How America’s Tech Giants Could Fall
The author, Morgan Stanley Investment Management’s chief global strategist, is the author of “The 10 Rules of Successful Countries”.
The global tech giants are so deeply rooted in the popular imagination that few can imagine a digital world ruled by any other name. But this assumption ignores how capitalism can quickly shrink the size of giants.
U.S. tech companies are among the top 10 in the world in terms of market value, and many commentators and investors believe there is no reason to question their continued advantage. Dozens of analysts are evaluating each of the top tech companies, and now Alphabet, Amazon, and Microsoft all have buying ratings. Apple and Facebook are also more widely supported than common stocks.
The traditional story is that these giants grow, become faster and more durable than their predecessors. As an Internet platform, they benefit from the “network effect”, gain in efficiency and dynamism as they acquire customers, and would never have been seen in “the history of capitalism. “.
Only we have seen a lot of this so far.
According to data going back to 1970, companies that ended their decade in the top 10 saw a median increase in revenue of about 330% during that decade, and their stocks were over 230% above the market. The top 10 of the 2010s were not much different from the norm. Income increased 350% and stock prices were 330% above the market.
At the end of the 2010s, the top 10 accounted for 16% of the global stock market value. This was similar to the share of the Top 10 in the 1970s and late 1990s.
Given the growing popularity of tech brands in the United States, it is largely forgotten that 10 years ago Amazon and Facebook were not among the top 100 companies in the world in terms of market value. But their tips are not uncommon. On average, companies that reach the top 10 will increase by about 75 places in 10 years and then decline.
Companies that finished 10 years in the world’s top 10 since 1970 had less than a fifth chance of finishing there in the next decade. Oil companies dominated the list in the 1970s, followed by Japanese banks in the 1980s. The technician’s name topped the list in the 1990s, but the cast continues to change.
Only two European tech companies, Deutsche Telekom and Nokia, fell into the top ten shortly after joining the club in the 1990s. Only one company, Microsoft, has reinvented itself enough to stay in the top 10 clubs for 30 years.
Explosive growth spikes are normal when capitalism works. Creative destruction too. Big business is getting uncomfortable. They talk about maintaining illusions, but in reality they do not touch the tastes of young people and do not give in to nimble rivals.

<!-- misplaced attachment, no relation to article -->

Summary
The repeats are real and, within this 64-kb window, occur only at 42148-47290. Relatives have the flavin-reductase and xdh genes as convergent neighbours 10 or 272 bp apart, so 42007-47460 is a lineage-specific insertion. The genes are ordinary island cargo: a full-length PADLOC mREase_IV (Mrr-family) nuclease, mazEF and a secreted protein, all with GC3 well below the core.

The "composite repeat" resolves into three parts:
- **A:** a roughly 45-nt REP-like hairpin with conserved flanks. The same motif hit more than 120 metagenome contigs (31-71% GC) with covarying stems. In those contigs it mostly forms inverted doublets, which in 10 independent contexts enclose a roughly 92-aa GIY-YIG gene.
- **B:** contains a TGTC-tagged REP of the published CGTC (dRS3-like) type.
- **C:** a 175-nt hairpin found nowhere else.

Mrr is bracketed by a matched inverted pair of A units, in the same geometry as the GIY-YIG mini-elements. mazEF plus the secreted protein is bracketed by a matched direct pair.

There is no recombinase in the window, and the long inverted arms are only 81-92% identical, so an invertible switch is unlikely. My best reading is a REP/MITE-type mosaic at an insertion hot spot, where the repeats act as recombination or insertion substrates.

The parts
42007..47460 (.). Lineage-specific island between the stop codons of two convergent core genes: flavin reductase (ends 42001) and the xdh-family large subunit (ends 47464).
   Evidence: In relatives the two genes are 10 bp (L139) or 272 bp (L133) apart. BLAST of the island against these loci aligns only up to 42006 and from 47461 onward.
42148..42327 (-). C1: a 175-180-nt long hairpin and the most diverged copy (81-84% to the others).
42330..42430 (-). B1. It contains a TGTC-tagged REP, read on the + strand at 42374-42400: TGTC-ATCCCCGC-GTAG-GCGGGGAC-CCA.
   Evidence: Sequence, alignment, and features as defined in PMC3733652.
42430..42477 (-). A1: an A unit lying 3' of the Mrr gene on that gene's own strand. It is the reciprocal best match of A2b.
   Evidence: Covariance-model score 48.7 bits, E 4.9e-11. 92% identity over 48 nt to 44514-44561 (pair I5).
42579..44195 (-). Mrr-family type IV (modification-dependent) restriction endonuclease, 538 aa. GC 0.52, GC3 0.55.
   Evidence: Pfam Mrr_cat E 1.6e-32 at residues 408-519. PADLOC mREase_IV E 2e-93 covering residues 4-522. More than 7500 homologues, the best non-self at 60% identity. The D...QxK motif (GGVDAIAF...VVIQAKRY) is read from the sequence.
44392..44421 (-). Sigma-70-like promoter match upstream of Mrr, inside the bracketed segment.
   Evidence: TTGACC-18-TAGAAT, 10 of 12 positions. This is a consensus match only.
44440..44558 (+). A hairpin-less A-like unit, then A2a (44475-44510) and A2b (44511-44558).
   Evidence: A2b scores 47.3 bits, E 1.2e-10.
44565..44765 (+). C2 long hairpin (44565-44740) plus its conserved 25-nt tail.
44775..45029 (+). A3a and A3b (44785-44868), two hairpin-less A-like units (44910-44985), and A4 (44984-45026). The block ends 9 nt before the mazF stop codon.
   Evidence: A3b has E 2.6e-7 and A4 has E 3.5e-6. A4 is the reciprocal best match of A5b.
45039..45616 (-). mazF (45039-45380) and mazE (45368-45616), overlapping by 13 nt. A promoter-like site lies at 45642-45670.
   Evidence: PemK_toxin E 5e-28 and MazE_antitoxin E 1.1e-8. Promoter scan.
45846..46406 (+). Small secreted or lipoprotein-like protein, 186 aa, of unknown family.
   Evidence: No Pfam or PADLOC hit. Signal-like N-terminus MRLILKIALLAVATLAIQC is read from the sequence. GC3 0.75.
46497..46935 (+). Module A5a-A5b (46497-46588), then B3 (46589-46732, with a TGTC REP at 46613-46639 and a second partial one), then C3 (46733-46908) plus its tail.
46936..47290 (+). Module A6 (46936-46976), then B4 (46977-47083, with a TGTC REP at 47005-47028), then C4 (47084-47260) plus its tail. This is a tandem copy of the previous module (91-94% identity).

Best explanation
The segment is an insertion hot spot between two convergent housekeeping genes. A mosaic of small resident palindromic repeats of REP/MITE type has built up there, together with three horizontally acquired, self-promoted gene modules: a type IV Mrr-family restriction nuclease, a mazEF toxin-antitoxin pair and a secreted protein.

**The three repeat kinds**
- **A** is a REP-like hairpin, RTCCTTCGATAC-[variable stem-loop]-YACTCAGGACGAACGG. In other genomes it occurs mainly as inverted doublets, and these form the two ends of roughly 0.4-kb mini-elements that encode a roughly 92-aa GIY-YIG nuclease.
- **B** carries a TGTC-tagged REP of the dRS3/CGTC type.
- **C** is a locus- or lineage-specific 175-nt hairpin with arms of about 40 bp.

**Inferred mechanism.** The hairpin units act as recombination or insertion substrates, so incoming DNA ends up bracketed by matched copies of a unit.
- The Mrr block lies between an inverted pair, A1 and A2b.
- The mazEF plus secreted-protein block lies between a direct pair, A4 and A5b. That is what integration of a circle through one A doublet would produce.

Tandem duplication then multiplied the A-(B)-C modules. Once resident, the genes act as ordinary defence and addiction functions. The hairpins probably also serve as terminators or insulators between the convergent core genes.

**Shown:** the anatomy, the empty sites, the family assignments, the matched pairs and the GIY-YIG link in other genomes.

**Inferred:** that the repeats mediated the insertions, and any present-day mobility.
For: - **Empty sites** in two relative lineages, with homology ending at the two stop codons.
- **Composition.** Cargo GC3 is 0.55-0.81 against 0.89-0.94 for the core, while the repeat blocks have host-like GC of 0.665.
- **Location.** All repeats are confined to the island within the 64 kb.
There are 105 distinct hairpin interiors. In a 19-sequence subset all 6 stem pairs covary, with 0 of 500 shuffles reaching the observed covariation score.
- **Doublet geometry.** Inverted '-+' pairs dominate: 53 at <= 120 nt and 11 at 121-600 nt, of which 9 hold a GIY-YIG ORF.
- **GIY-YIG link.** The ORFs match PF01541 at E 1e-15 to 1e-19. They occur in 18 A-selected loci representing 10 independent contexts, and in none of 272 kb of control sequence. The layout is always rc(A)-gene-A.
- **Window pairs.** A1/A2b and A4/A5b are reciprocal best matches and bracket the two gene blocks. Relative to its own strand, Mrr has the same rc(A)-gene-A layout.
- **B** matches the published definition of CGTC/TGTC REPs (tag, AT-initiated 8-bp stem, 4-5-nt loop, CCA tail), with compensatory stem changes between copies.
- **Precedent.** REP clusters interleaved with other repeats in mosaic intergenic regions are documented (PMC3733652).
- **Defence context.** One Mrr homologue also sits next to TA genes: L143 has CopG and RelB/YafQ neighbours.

There are other threats. China shows how fast these days Regulatory attack You can knock Alibaba out of the world’s top 10 and defeat the corporate giant. Whether it is a forerunner of the potential of US tech giants, the risks posed by enthusiastic regulators are less pressing than capitalist competition.
The Internet itself is constantly evolving. The giants are start-ups competing to build the next internet platform capable of integrating elements of artificial intelligence and expansion or virtual reality. Facebook says “Metaverse,” The vision of the Internet as a 3D virtual space seamlessly connected to the physical world. However, to date, the most advanced prototypes of Metaverse exist on gaming platforms operated by new companies.
The major changes in the world market were triggered by central banks which raised interest rates to delay the overheating of the economy. Coincidentally, these changes diminish around the turn of the decade. The change, which seemed imminent in early 2020, was arguably delayed by a new wave of simple central bank funding to the stock market and a pandemic that inundated new customers for large-scale internet services. I am.
However, this grace can be transmitted. By the end of last year, revenue growth for global tech giants had started to slow relative to the rest of the world. In the past, weaker income growth was associated with lower relative returns in the top ten, most often leading to lower highs.
Within 10 years of hitting the top 10, you will find that profit growth typically drops 16% to 4% per year over the next 10 years. As profit growth declines, so does profitability and market attractiveness. After finishing in the top 10, giants typically see their profits turn negative and their relative performance drop by 70% over the next decade. Practically, they return to the top all the advantages that they have gained in their practice.
On average, the top 10 companies are down about 60 in the rankings over the next 10 years. This is a result that should not be deplored. Competition and churn are at the heart of a functioning capitalist system. As a result, the 10-year-old giants often bring such overwhelming benefits and diminish their popular imaginations over the next decade. Expect the pattern to repeat itself unless capitalism is truly broken.